From NBA to Trump to our ears and eyes, how free speech works

Freedom of Speech

Other nations may have rules or laws that in some fashion say they protect or really do protect freedom of speech, but none has quite the same strong constitutional protection that we have in the U.S.
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Protecting Religious Freedom Has a Domino Effect

Religious Freedom

The recent death of a turbaned Sikh law enforcement officer sparks conversation over the fact that some members of minority religious communities are still forced to decide between serving their country and honoring their religious identities.
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Former Sex Offenders Can Proceed with Lawsuit Challenging Restrictions on Internet Use

Internet Feature

A group of former sex offenders may continue with their lawsuit, challenging the constitutionality of the Illinois Department of Corrections (IDOC’s) restrictive policy on internet access for those convicted of sex crimes.
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Funny or Not, Speech is Still Free

Microphone

The joke is on you, because that’s how the First Amendment works.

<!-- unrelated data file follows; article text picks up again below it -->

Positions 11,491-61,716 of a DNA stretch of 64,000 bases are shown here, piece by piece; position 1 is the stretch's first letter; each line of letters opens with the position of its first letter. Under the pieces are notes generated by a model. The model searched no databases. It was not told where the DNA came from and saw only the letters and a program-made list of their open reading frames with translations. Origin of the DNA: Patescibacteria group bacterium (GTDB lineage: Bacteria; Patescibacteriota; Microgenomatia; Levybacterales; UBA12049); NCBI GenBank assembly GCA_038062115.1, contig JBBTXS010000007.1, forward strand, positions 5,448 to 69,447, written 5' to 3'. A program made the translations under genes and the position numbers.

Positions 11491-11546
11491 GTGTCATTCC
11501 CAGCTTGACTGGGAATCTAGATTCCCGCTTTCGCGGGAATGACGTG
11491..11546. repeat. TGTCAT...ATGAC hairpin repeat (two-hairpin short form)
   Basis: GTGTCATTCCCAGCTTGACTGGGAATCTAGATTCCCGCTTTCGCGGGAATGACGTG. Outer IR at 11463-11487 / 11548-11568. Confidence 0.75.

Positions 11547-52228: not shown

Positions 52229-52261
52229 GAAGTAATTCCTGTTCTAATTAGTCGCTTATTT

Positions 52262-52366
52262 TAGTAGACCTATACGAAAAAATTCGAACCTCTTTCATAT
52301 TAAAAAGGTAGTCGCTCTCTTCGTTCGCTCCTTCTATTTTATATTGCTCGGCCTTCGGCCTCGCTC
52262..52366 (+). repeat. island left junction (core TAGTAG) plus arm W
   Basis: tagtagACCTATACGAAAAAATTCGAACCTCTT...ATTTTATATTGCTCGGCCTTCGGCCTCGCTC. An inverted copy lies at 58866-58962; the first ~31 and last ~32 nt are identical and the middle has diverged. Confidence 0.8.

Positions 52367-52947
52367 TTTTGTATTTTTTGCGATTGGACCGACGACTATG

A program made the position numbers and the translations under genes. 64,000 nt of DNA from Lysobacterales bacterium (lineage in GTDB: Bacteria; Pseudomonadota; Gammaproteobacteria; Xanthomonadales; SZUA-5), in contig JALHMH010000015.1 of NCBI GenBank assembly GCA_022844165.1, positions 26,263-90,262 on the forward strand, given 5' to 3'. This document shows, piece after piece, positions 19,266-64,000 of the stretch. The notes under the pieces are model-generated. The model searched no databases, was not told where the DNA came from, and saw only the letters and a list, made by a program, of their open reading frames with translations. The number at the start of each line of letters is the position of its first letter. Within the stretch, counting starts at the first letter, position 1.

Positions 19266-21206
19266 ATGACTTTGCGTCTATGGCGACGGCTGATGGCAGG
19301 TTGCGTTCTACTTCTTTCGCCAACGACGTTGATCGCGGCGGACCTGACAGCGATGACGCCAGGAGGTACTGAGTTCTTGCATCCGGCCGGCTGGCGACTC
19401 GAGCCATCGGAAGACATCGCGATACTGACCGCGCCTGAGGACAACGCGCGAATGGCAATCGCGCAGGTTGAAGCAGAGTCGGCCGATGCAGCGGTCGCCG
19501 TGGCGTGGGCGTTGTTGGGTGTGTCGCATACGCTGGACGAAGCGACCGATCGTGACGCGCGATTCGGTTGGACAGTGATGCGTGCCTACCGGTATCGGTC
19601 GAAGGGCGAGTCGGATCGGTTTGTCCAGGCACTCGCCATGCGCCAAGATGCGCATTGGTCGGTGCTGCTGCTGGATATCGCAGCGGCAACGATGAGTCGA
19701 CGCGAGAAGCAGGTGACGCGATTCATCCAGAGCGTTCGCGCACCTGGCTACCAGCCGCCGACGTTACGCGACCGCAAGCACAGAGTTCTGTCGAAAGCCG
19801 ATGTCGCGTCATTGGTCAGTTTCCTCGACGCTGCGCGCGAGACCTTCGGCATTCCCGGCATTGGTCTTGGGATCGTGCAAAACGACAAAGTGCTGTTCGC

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Colorado High Court Affirms Dismissal of Jury-Tampering Charges Against Men Who Advocated for Jury Nullification

Gavel

A Colorado court rule that two men who handed out brochures on jury nullification at the courthouse did not violate Colorado’s jury tampering statute.
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Federal Judge Allows Jailhouse Lawyer’s Retaliation Claim to Proceed

Prison

Prisoners retain First Amendment free-speech rights even behind bars.
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Does the First Amendment Protect Speech Made By Artificial Intelligence?

A.I. Feature

The history of technology and the First Amendment essentially involves our legal system slowly and reluctantly expanding the definition of speech to include new forms of communication.
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Federal Appeals Court Rules County Commissioners’ Prayer Practice Unconstitutional

Court

A recent court case determined the practice of invocational prayer that traditionally preceded the Brevard County Board of County Commissioners meetings “had run afoul of the Establishment Clause.”
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School Officials Need a First Amendment Lesson

school hallway

Students have a First Amendment right not to recite the school pledge as a form of peaceful protest, but not all schools honor that.
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